I believe the most important step for parents to take is to understand what they are saying that is shutting down their children from talking.The reason I say this is because understanding what not to say and then what to say instead, has made the biggest impact in my ability to create loving relationships in my life. These are not only with my daughter; they are also with my husband and friends.
Every parent I talk with that is having a hard time getting through to their kids come to realize that they are responding in ways that feels hurtful to their kids. Here are five communication blocks that are often overlooked. Yelling, threatening, and shaming are always blocks. Check out other blocks on listening to see how to respond instead to keep the conversation open.
Step 1: Stop Blocking
A communication block is any remark or attitude on the part of the listener that injures the speaker’s self-esteem enough to break communication.
Communication blocks include: commanding, giving advice, placating, interrogating, distracting, psychologizing, sarcasm, moralizing, being a know-it-all, me-tooism, yelling.
Communication Blocks Practice: Alternate role playing the adult and the child. Feel and describe the emotional impact of each adult response. ü which ones you tend to do.?
Child: “I hate math homework. My teacher gives way too much.”
Adult: “You should do some when you first get home then you won’t have a problem.”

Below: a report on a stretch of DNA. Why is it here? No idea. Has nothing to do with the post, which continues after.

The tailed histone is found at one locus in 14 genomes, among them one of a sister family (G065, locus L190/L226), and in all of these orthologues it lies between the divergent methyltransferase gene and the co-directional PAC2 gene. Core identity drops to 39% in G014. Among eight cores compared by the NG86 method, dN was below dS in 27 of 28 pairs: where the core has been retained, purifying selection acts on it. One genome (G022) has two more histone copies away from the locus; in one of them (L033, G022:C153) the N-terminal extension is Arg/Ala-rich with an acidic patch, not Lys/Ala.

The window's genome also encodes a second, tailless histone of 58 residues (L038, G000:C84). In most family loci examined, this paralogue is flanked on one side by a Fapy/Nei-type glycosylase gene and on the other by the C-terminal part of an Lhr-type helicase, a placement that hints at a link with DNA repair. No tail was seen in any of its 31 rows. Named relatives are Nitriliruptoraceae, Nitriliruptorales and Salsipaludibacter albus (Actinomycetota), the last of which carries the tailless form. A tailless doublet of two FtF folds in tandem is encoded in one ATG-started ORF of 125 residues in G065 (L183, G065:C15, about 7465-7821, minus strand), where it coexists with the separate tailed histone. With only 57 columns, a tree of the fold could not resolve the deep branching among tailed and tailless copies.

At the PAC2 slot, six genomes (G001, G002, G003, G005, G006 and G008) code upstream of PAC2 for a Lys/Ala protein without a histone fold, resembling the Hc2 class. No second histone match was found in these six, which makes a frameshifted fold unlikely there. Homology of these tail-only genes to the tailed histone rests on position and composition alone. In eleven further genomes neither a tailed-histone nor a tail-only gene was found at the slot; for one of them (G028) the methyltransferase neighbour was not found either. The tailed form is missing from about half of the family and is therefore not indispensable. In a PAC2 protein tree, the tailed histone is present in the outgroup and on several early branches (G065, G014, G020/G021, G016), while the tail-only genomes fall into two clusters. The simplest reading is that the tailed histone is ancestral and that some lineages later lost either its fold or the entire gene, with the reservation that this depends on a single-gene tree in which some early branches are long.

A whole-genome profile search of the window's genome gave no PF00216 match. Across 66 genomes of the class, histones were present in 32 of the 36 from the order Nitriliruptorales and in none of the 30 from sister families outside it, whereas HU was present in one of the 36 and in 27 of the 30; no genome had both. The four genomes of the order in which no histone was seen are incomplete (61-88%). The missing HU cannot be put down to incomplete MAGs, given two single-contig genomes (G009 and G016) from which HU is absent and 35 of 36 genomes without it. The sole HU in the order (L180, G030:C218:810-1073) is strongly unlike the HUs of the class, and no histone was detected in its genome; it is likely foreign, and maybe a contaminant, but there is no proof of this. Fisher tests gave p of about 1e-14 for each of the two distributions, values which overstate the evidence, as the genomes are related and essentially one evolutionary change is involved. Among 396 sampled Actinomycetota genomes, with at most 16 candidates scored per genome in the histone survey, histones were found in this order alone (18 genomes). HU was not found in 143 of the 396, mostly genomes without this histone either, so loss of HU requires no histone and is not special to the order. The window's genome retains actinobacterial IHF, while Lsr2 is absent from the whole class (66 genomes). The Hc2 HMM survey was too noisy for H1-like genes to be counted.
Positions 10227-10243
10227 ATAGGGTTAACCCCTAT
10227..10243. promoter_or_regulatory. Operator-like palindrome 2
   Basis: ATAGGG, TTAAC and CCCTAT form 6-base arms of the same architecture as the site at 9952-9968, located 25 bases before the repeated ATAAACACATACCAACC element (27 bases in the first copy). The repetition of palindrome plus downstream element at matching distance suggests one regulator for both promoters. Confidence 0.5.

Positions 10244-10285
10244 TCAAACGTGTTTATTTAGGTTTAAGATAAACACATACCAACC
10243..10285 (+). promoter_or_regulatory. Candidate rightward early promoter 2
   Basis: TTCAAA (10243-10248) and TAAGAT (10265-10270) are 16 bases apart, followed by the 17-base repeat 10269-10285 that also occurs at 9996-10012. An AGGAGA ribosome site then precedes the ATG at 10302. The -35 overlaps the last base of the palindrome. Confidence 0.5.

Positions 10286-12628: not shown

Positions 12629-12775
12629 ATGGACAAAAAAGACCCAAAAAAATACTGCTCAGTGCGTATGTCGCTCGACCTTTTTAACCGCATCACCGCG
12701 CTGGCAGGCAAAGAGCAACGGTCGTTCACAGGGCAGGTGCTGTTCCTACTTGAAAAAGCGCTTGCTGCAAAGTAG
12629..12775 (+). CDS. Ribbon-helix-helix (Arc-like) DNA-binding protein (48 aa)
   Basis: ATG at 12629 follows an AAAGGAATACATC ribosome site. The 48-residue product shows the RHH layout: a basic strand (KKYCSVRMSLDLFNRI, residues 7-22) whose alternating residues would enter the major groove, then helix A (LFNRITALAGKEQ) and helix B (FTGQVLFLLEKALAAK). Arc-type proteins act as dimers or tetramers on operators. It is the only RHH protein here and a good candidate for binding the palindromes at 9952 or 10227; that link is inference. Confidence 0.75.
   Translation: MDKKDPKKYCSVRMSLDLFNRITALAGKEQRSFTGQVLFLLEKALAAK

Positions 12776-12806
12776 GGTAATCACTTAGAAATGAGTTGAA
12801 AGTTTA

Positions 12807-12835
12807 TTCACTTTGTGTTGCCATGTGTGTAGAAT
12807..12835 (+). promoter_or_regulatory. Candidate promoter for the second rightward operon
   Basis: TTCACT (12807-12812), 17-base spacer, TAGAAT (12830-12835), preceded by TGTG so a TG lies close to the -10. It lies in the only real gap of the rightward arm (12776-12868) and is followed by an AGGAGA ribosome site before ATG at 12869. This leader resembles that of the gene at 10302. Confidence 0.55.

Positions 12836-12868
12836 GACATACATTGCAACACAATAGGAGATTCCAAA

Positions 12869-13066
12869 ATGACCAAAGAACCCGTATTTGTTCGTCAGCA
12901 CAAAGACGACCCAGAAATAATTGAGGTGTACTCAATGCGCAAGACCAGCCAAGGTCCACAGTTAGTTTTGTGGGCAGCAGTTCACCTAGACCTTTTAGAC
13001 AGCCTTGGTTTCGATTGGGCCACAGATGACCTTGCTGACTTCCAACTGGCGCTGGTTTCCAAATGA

The underlying message that feels hurtful: “I know more about you than you do.”
Child: “I don’t like my stupid teacher. She’s mean to me.”
Adult: “What did you do to make him yell? You must have done something wrong.”
The underlying message that feels hurtful: “You must have messed up somewhere.”
Child: “I just can’t do this. It’s too hard.”
Adult: “Stop complaining. I know you can do it.”
The underlying message that feels hurtful: “You don’t have the right to decide how to handle your own problems.”
Child: “My best friend can’t come to my party. He’s no friend of mine.”
Adult: “Honey, it will be okay. You’ll have fun with all your other friends.”
The underlying message that feels hurtful: “You don’t have a right to your feelings; you can’t handle discomfort (and neither can I).”
Child: “I don’t understand why friends just turn on me. What did I do?”
Adult: “I had that happen to me when I was your age and I felt horrible.”
The underlying message that feels hurtful: “It’s more important, (or I’m more comfortable), for me to talk about myself rather than you right now.” (Barbara Whiteside’s block. www.whitesideworkshops com)
Which ones do you do?
©2013 Cynthia Klein, Bridges 2 Understanding, has been a Certified Parent Educator since 1994. She works with parents and organizations who want more cooperation, mutual respect and understanding between adults and children of all ages. Cynthia presents her expertise through speaking, webinars, and private parent coaching sessions. She is a member of the National Speakers Association and writes the Middle School Mom column for the Parenting on the Peninsula magazine. Contact Cynthia at bridges2understa.wpstagecoach.com, [email protected],com, or 650. 341.0779 to learn more about creating the relationship you want with children from ages 4 – 24.